4. A Client-Useful Website

My observation is that many law firm websites add little value to the servicing of clients. Instead, they are generally glorified firm brochures that mostly just say how great the law firm is and how the firm cares and will fight hard for its clients. There is some, but usually not a lot of, information about the lawyers and very superficial information about the law, with generally little written about the court process and the steps the client will go through.

The law firm’s website can provide numerous opportunities to serve clients better. Here are just some applications. To prepare the clients for the first consultation, lawyers can post their client information and preference questionnaire and post the first consultation slideshow. Clients will then know what information is needed well in advance of the first consultation; this will reduce stress, allow them time to obtain information, and know what information and documentation are required. These questionnaires can be filled out more easily by clients on a computer than by hand. They can be sent directly from the website to the lawyer to allow the lawyer to review them before the consultation.

The website has an unlimited capacity for lawyers to provide informational articles about the law and process to clients, which may or may not be found elsewhere (especially process articles that are often not written for clients). In addition, the website can provide the lawyer with the opportunity to provide after-the-file-is-closed service, such as discussing issues that may arise later. On my website, I also offered refills of forms found in my client manual for wills and powers of attorney, keeping clients’ relevant information and instructions up-to-date.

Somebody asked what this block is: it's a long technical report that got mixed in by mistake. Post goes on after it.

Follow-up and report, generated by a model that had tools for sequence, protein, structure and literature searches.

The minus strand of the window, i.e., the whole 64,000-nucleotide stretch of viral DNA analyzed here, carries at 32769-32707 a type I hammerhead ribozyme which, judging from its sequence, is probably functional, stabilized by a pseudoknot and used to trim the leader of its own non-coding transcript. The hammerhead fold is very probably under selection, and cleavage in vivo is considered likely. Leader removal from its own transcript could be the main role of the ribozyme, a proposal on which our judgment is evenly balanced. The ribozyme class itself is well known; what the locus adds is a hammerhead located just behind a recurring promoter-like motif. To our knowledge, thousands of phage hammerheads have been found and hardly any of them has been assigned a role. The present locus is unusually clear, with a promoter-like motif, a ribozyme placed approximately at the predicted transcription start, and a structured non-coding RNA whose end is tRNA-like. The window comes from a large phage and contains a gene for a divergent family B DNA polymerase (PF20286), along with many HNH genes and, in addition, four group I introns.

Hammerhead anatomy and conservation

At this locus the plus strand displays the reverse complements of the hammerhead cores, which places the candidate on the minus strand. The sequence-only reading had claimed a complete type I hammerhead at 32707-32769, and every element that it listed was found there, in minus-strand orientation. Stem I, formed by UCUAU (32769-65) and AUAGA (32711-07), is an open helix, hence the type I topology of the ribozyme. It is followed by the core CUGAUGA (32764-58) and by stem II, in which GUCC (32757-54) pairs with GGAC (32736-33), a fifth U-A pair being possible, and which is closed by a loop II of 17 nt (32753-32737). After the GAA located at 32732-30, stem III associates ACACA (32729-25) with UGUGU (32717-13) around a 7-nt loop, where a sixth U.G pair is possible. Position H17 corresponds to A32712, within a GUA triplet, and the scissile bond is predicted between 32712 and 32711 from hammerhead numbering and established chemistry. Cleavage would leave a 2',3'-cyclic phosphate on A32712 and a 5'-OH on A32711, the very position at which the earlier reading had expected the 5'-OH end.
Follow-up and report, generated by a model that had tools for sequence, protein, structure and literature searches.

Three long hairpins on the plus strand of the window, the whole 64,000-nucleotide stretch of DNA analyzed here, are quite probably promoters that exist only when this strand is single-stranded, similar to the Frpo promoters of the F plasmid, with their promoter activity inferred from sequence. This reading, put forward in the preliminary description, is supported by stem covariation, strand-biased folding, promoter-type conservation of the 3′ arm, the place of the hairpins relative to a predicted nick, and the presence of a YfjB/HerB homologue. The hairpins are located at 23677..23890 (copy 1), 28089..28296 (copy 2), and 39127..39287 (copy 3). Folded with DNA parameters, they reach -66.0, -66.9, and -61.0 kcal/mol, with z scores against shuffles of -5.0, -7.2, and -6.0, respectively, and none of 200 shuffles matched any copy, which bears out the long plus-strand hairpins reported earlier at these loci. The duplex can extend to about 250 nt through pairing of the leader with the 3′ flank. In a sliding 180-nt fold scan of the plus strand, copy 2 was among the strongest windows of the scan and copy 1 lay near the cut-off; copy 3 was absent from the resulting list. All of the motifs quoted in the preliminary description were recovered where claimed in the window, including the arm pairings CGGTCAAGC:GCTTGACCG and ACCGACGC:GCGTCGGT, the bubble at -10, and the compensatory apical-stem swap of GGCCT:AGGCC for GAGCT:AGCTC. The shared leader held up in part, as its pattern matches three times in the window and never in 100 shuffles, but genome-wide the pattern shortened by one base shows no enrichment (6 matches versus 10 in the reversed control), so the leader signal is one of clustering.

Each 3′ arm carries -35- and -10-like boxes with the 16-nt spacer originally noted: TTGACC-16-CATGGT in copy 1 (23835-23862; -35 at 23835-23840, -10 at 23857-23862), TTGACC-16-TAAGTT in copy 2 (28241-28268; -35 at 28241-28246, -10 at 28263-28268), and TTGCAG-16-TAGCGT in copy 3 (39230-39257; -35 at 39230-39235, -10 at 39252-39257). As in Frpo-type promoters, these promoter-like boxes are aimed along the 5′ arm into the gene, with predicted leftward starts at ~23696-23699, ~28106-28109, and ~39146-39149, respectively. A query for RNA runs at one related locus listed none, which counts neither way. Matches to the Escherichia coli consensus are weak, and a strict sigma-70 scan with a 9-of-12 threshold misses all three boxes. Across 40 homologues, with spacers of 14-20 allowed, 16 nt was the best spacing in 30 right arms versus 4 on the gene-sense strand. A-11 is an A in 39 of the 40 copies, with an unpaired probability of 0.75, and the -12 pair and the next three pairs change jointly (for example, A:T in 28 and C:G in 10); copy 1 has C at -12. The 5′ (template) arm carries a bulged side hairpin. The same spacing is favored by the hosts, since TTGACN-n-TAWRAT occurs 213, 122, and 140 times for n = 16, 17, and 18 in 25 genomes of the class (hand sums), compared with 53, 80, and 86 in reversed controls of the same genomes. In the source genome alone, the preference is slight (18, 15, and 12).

5. Word-Processing Features

We generally do not use the full capacity of computer software programs. There are many features in the standard word-processing software, some more complicated than others. There were three simple ones that I used to better serve my clients.

When sending out draft wills, I used the line-numbering feature to show the line number for every fifth line. This feature made it easier for clients to refer to the place where they had a question. It also clarified that this was a draft document, not the final product.

I also used word-processing software to create an index and a table of contents. They proved very helpful for clients to find a subject in a longer agreement.

6. Notes, Client Checklists, and Detailed Reporting Letters

In every type of legal case, from the simple to the complex, there is a lot of information for clients to take in. It is a mistake to believe that clients will remember everything that the lawyer told them if they were given information, advice, or instructions orally. It bothers me that, generally, the medical profession hardly ever provides handout information, including instructions on the vital prescription medicine to take after a procedure.

Lawyers can make notes of a consultation on their computer as clients follow along on their client monitor. The notes should include what advice the lawyer gave and the next steps for every party involved. At the end of the consultation, the lawyer can print an extra copy of these notes for the client.

A client to-do checklist could also separately be given to the client. It would be a prepared list of standard to-do items for that type of case, with check marks beside the ones applicable to that particular file, a column to put a date to do by, and a column to mark when completed.

As not everything needing to be discussed at a first consultation will likely be fully completed, it is a good idea to have a comprehensive reporting letter after that first meeting. Besides again reviewing the advice given based on the facts presented, the reporting letter will discuss minor matters that were not addressed in the consultation and perhaps provide greater detail on some discussed issues.

7. Videos